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Tuesday, February 16, 2016

It's Black History & Women in Horror Month: Horror Journalist Tamika Jones


It's really important to see women of color working in the horror industry with well-known outlets. One day while doing some idle research on one of my favorite news sites, Daily Dead (now headed by the inspirational Heather Wixson), I stumbled across the name Tamika Jones who has been a Daily Dead staffer for the past seven years. With help from the Real Queen Of Horror, we were able to sit down and talk many things horror: writing, more opportunities for women of color as well as American remakes vs. the original foreign films.

What was the first horror film you saw in the theater?

The first horror film I ever saw at a theater was The Blair Witch Project. I was finally old enough to see a rated R movie and initially everyone thought that the people in the film really were missing and or dead so hype surrounding the film was at an all time high. I remember leaving the theater feeling absolutely terrified. Great movie. Fun fact: The Blair Witch Project was filmed in Burkittsville a small town in my home state of Maryland!

How did you get the gig for the popular genre news site, Daily Dead?

I was on Twitter looking for horror movie news and stumbled upon Daily Dead's Twitter page. The staff seemed very knowledgeable. I mean they were referencing some DEEP cuts like Phantasm and Curtains, so I started following them. A few months later, I saw that they were looking to expand the company and hire more writers, so I took a chance and applied for a position.



Before working with Daily Dead, I didn't have much of an outlet to discuss horror movies. Not many of my friends at the time had an interest in stuff like that, so I was very happy when I found out that Jonathan (the Editor-in-Chief of Daily Dead) decided to take a chance on me.

What has been the biggest challenges you’ve faced as a writer and what’s helped you hone the craft in order to continue?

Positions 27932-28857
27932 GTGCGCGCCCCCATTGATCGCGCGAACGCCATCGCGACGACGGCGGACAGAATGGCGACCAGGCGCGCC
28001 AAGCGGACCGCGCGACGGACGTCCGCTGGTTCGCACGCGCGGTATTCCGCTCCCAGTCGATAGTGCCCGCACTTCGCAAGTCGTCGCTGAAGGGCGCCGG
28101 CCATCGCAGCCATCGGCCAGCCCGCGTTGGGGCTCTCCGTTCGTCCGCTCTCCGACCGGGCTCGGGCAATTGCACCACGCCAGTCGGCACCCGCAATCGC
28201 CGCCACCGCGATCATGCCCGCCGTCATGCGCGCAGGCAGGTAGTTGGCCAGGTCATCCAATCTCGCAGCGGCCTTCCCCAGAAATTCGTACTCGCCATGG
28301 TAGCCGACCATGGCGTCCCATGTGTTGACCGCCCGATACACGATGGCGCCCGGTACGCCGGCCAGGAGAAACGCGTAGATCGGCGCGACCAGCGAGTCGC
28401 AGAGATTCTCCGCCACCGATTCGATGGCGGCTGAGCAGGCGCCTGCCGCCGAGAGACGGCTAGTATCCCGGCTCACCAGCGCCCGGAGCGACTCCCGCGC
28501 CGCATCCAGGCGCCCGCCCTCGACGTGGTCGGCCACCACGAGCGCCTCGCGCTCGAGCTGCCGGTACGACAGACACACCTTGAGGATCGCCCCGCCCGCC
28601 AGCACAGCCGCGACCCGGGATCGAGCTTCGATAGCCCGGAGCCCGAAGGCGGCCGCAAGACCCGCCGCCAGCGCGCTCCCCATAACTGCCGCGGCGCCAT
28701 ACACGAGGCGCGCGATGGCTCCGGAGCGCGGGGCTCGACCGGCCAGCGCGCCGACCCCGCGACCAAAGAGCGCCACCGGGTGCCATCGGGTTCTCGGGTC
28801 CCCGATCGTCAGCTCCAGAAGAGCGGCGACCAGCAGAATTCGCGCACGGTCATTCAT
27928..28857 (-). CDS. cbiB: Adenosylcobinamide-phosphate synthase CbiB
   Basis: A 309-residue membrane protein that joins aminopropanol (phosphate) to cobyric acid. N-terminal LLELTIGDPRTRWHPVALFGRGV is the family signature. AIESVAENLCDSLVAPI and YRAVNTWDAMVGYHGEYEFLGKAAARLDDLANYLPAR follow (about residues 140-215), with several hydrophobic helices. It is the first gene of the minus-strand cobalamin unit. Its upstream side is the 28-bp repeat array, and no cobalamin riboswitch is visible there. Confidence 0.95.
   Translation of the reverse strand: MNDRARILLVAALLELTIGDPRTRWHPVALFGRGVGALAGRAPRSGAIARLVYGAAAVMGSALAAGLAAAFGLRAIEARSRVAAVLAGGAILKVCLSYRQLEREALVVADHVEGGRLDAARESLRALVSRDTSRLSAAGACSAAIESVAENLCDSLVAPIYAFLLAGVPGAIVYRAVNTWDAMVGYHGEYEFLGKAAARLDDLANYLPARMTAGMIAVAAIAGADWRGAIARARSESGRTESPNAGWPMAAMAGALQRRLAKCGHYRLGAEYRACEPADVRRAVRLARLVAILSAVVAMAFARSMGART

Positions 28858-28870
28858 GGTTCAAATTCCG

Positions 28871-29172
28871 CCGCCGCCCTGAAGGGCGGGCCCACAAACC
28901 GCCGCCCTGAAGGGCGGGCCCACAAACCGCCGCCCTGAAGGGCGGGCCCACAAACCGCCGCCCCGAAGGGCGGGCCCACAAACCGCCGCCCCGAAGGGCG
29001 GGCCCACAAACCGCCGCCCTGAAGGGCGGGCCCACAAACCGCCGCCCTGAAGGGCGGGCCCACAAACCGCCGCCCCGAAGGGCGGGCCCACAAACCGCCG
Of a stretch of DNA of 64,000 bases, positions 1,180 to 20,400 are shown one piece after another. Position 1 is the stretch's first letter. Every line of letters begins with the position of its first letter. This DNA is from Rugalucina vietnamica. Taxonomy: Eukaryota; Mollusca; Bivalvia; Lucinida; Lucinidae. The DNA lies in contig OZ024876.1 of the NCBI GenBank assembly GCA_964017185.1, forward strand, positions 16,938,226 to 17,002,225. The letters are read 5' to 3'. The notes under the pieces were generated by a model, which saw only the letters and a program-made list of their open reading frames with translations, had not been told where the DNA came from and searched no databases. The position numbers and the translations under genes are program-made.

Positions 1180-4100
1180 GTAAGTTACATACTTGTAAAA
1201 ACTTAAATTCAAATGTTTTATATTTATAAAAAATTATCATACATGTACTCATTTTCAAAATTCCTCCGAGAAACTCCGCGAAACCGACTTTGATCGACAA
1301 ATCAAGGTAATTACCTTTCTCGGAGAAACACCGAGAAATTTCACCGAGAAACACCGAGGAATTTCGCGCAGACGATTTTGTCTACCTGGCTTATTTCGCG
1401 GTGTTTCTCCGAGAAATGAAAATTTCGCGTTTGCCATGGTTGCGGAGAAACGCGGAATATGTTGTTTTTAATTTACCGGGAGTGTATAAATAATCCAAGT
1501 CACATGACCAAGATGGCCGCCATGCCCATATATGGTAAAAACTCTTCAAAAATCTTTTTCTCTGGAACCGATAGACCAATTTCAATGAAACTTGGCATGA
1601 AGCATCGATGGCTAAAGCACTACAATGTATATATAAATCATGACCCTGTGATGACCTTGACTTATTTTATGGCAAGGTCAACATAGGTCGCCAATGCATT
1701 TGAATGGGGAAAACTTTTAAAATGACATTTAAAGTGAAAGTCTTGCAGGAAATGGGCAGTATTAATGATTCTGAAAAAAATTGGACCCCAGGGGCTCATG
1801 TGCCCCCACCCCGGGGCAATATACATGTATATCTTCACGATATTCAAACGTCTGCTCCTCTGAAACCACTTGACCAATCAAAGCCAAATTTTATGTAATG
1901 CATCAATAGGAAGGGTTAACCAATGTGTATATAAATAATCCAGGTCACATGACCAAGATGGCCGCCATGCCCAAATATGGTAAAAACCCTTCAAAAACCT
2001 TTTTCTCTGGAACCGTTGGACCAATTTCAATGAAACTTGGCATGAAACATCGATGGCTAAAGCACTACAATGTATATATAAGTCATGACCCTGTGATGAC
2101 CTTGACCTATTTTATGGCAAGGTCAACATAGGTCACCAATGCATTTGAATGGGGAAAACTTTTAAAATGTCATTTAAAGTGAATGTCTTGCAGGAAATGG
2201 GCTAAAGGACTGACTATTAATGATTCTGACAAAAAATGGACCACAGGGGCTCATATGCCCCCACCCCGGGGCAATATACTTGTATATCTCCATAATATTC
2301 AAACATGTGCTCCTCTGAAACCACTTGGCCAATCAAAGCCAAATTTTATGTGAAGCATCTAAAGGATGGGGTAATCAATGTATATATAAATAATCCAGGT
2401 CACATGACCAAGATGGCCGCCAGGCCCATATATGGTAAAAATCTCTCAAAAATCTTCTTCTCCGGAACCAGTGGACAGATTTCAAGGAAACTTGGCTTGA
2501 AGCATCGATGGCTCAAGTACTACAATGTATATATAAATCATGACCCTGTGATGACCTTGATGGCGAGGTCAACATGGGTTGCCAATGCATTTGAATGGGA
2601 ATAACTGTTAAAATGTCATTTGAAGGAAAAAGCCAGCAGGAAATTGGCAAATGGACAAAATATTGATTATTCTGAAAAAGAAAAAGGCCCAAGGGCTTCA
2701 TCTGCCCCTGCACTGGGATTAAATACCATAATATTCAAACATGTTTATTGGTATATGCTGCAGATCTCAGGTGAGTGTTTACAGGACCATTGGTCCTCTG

What are these "challenges" that you speak of? I am perfect. I don't find anything to be challenging. No, no, I am only kidding. The biggest challenge I've had to face as a writer is working on getting out of my head. I have a tendency to overthink things and my best writing happens when I let go and relax a little bit.

You’ve mentioned being really young and riveted by Puppet Master on television in your home as a part of the reason you fear dolls. Are you a fan of Full Moon features or any other movies using this theme? What’s a recent “deadly doll” film you’ve seen that you enjoyed?

Oh, yes, Full Moon Features! The Gingerdead Man is a lot of fun. A gingerbread man that kills people? I'm sold on it! I am genuinely afraid of dolls, so I try to avoid movies about them, but I really enjoyed James Wan's Dead Silence.

Since Hausu is one of your favorite foreign horror films, how would you describe it to someone to get them interested in watching it?

I would say that Hausu is not your typical horror movie, it is a slasher comedy on a heavy acid trip. I don't want to say too much but at some stage in the film severed fingers attached to strings come down from the ceiling and play the piano. It is a wonderful experience, and I hope that people check it out.

As far as your love for foreign horror stretches, do you feel American remakes are a good gateway into interest in the original films. Why or why not?

I think that American remakes can be a good introduction to the original films, but it depends on whether or not the remake is any good. Let Me In was an exceptional film and did a really great job of maintaining the overall concept of Let the Right One In but sometimes I do worry that if the film is REALLY bad that it will turn a potential audience off of the title all together.

Horror films do not have a strongest history of giving women of color the main roles. Have you ever wanted to see more characters who look like you in bigger roles in the genre? Tell us who your dream character in this context.

I definitely want to see more Black, female characters in bigger roles in horror. You know, it is interesting that the whole #OscarsSoWhite conversation is coming up again because I think that we as a society need to have these types of discussions. I don't think that the problem starts with the Academy. The voting committee has its issues, but I think the problem starts with the lack of opportunities for people of color across the board and that is beyond frustrating.

My dream character is a mix between Selena from 28 Days Later, Ramona from American Horror Story: Hotel, Jeryline from Tales from the Crypt: Demon Knight, and Dana Scully from The X-Files.

She is extremely intelligent, loving, well-rounded, and bad ass! 

Follow Tamika on Twitter (@MissTamikaJones) | Instagram  
Read Tamika's Daily Dead articles here!
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